First year. I’ve loved it for unearthing the beauty in small things. For teaching me to love and appreciate a simple day. I crouch and crawl and see the world through new eyes. We like the way the light streams into a room, how dust gathers in the corners, the sound of cars whizzing by, investigating the crumbs that the vaccuum missed, and taking all of the books off the shelves each and every day. I get to experience all the things I never gave a second thought to and see them for the new and interesting moments that he does. It’s like a rebirthing of my mind.
First year. Back to that full belly laugh. I’ve loved the work that goes into making him giggle. And my unwavering willingness to put that work in. How many times I’ve been dripping in sweat from jumping and singing and repeating whatever weird and random thing I’ve stumbled across as a comedy act for little baby boy. It’s a state of giddy delerium that I never want to lose as a mom. A true place of presence and sheer determination to make my child squeal with laughter.
First year. Thanks for careening into my expectations for a clean and perfect home. I needed that. I have loved losing grip of this desire and just allowing it to fall way, way down my priority list. An exhale I deserve to take. When the big wins are showering, brushing my teeth, or eating, the expectations for a sparkling space surely get the boot. I’ve resisted much within this last year, but this isn’t one of them.
First year. I’ve loved the deepening of friendship between myself and other moms. Bonds that have been paramount to my mental health and sense of self. Sisterhood is necessary, I know this. Just knowing that someone else is up in the night or feeling lonely too or pulling their hair out in frustration. I can tell you from experience that feeling seen and heard as a new mom is vital. It’s life-giving. It’s like oxygen. Because there are so many moments when you think, ‘this can’t possibly be right’.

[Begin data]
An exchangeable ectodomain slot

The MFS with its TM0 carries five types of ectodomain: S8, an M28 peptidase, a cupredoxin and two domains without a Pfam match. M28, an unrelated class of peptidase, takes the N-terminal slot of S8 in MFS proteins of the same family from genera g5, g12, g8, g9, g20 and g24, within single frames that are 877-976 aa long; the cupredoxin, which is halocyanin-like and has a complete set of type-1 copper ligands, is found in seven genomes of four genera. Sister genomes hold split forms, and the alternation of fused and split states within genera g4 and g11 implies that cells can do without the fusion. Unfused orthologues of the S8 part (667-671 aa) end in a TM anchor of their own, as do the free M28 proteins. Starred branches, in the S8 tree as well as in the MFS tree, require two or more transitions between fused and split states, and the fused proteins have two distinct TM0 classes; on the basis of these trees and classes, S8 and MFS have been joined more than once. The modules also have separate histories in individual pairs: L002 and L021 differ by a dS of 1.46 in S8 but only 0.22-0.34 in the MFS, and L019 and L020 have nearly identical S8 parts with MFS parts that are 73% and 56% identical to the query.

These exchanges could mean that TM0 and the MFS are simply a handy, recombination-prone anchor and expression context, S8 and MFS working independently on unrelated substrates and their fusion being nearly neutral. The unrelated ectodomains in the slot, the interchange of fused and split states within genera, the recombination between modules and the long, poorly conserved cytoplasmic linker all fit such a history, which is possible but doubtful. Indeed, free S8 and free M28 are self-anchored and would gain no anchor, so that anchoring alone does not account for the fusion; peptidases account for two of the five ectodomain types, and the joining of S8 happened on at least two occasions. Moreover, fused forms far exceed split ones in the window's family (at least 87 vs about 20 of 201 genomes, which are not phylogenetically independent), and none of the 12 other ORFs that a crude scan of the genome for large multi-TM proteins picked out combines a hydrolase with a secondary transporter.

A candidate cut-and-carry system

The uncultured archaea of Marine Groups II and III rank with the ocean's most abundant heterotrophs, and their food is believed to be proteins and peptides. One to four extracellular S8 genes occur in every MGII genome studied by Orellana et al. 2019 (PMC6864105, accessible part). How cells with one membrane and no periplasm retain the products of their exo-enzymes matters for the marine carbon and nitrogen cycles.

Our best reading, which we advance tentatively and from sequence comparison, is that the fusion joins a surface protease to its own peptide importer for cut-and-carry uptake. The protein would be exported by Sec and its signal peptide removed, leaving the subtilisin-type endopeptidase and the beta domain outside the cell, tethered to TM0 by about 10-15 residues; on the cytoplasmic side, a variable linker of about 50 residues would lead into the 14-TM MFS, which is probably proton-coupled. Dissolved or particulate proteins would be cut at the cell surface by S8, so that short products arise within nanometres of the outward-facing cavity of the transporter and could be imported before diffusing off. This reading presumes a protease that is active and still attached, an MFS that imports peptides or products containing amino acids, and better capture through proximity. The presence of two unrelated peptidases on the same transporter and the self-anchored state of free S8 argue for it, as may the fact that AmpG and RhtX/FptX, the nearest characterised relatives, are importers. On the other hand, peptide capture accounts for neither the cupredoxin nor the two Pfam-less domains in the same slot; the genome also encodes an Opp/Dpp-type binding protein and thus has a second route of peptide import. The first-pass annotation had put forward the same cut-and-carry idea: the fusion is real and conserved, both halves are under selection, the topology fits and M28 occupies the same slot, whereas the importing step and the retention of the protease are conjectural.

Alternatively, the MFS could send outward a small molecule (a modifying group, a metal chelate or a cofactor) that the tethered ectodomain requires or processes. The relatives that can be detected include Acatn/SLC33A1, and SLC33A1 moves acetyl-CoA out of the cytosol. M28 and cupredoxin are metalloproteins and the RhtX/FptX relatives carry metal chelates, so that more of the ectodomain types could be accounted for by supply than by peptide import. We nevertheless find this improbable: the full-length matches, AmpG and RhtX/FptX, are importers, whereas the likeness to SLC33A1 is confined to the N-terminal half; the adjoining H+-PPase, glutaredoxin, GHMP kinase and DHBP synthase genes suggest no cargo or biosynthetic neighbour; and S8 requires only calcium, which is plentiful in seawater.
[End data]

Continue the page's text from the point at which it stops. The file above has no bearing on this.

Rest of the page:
First year. I’ve loved seeing the sincere kindness of this baby’s heart and his impact on family and friends. His willingness to be held and snuggled by those who love him. His openness and courage to be curious about another person, smile at them, and study them. It’s been the biggest reward to observe how loving he is and his innate desire to embrace others.
First year. I’ve loved the steadfast lesson of resilience. My body’s strength to incubate, birth, heal, and nurture. My mind’s ability to weather hormonal storms, sleepless months, and anxiety at every turn. Our relationship steadying itself after rocky moments, charged by this new uncharted territory. Our little family’s ability to do this thing virtually alone while the pandemic unfolds. Resilience, resilience, resilience. I am eternally grateful to wholeheartedly KNOW this within myself and within our little unit.
The first year. The longest shortest time. Thank you for allowing me to become a mom. For filling our home with alphabet magnets, blocks, books, and toy trains. For turning laundry into a daily ritual instead of a chore. For every cherished bathtime, every sunrise we’ve seen, and for a very healthy, happy baby boy who we get to call our son.